Bleeding Kansas was a time of great turmoil and violence in the Kansas territory. The conflict was caused by the issue of slavery.
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The Missouri Compromise of 1820
The Missouri Compromise of 1820 was an effort by the United States Congress to settle the issue of slavery in the western territories. The Compromise allowed Missouri to enter the Union as a slave state, while Maine was admitted as a free state. This temporarily resolved the issue of slavery in the west, but it did not end the conflict.
The Compromise Line
In 1820, Missouri applied for statehood, causing concern because it would upset the balance of free and slave states. The issue came to a head when Representative James Tallmadge Jr. of New York proposed an amendment that would have prohibited further introduction of slaves into Missouri and mandated that all children of slave parents born in the state would eventually be free.
The amendment passed in the House, but not in the Senate. To break the impasse, Senators Henry Clay and Daniel Webster devised a plan that became known as the Missouri Compromise. The compromise admitted Missouri as a slave state, Maine as a free state, and prohibited slavery in all future territories north of 36°30′ N latitude (the southern border of Missouri). This line became known as the Compromise Line.
The Missouri Compromise temporarily resolved the issue of slavery, but it also created a new sectional conflict over the expansion of slavery into western territories.
The Free-Soil Movement
A key fact supporting the belief that the Civil War was caused by slavery is the rise of the anti-slavery, or “free soil,” movement in the years before the war. In 1854, anti-slavery Northerners formed a new political party, the Republicans. The Republicans’ rise to power in 1860 on a platform of opposition to the spread of slavery was a key factor leading to secession and civil war.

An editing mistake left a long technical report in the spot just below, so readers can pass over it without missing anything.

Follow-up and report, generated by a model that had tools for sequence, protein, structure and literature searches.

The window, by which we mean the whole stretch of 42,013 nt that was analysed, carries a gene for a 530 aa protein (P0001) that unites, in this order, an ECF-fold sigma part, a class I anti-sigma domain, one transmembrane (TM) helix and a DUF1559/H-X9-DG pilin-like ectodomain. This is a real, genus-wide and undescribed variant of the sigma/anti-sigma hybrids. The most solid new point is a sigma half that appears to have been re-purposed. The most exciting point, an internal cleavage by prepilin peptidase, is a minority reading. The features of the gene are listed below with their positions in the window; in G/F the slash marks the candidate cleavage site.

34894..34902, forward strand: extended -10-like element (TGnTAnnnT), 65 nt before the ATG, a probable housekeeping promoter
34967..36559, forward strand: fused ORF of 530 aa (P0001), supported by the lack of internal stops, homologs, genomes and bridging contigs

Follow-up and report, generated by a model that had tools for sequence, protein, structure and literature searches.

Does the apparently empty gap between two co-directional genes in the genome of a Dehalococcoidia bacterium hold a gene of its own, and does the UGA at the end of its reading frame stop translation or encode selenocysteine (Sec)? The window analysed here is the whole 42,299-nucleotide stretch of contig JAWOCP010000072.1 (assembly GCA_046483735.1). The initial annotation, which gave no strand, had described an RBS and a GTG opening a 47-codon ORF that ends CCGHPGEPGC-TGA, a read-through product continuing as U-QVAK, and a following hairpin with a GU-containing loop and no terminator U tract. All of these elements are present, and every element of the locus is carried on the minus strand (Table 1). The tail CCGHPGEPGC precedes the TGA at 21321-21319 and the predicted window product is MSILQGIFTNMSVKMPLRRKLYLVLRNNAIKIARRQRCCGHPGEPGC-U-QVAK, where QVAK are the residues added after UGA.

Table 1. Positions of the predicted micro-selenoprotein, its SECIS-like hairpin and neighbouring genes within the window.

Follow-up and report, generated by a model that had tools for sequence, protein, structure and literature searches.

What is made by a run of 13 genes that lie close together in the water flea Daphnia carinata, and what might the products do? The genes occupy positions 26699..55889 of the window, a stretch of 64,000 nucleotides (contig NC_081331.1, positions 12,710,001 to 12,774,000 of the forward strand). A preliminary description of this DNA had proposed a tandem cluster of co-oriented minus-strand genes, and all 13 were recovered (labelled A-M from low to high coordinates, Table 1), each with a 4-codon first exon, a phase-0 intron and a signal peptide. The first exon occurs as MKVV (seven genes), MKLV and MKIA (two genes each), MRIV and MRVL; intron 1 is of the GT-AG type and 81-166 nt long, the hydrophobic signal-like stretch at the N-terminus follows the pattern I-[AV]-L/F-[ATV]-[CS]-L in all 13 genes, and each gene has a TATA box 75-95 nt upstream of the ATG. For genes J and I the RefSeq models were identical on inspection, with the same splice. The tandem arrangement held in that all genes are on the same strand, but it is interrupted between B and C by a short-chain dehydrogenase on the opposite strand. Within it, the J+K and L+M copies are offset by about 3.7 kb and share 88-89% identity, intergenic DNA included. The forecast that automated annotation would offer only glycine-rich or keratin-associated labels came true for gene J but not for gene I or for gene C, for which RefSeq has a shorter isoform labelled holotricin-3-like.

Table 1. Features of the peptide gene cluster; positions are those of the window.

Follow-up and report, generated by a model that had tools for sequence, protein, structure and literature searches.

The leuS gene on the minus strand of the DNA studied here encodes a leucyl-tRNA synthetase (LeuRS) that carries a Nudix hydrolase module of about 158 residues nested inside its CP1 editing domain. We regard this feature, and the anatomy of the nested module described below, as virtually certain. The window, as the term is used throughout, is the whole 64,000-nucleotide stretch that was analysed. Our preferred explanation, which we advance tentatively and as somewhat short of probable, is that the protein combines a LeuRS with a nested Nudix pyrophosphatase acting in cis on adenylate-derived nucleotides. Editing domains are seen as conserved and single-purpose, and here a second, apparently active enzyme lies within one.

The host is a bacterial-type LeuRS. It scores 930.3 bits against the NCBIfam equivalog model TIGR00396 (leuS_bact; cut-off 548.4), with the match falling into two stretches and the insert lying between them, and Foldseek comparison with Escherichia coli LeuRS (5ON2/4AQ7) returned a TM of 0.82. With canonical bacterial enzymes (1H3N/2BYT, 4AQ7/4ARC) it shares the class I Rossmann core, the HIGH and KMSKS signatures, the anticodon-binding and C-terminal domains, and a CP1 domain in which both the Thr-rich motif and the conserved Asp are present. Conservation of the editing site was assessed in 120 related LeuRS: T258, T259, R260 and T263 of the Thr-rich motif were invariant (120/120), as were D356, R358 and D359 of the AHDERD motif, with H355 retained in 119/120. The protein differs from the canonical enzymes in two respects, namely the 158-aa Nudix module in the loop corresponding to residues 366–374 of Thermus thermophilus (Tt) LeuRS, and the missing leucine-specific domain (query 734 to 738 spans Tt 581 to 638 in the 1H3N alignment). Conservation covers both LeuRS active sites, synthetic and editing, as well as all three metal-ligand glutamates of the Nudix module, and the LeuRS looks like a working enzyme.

The free soil movement began in response to enactment of the Fugitive Slave Act of 1850, which required even Northern states to assist slaveholders in recapturing fugitive slaves. Many Northerners were outraged by this law and joined the free soil movement.
The free soilers opposed both slavery and race-based restrictions on voting and immigration. They argued that all land should be available for homesteading, regardless of whether it was located in a slave state or a free state.
In 1854, anti-slavery activists in Kansas Territory formed a new political party, The Kansas Aid Committee, to assist settlers in establishing a free state government there. This committee was instrumental in helping to write Kansas’ first constitution, which banned slavery.
The Kansas-Nebraska Act of 1854
The Kansas-Nebraska Act of 1854 was designed to create two new territories, Kansas and Nebraska, in the unorganized territory west of Missouri and Iowa. The bill’s purpose was to ease tensions over the issue of slavery and allow for the construction of a transcontinental railroad. The Act created a great deal of conflict, however, as it allowed for “popular sovereignty” or the residents of each territory to decide whether or not slavery would be allowed.
The Repeal of the Missouri Compromise
The Kansas-Nebraska Act of 1854 was signed into law by President Franklin Pierce on May 30, 1854. The act repealed the Missouri Compromise of 1820, which had prohibited slavery in any new territories west of the Mississippi River that were acquired by the United States.
The Kansas-Nebraska Act allowed for the organization of the territories of Kansas and Nebraska, and it opened up these areas to white settlement. The act also allowed for popular sovereignty, which meant that the settlers in each territory would vote on whether or not to allow slavery.
The repeal of the Missouri Compromise led to a rise in tensions between the pro-slavery and anti-slavery factions in the United States, and it ultimately led to the outbreak of violence in Kansas, known as “Bleeding Kansas.” The violence in Kansas increased support for the anti-slavery Republican Party, which was founded in 1854 in opposition to the Kansas-Nebraska Act.
The Kansas-Nebraska Act of 1854 was an act of Congress that repealed the Missouri Compromise and allowed for popular sovereignty in the territories of Kansas and Nebraska. The act created a lot of controversy, as many people believed it would lead to the spread of slavery. The bill was passed by Congress, but was vetoed by President Franklin Pierce. However, Congress was able to override the veto and the bill became law.
The Border Ruffians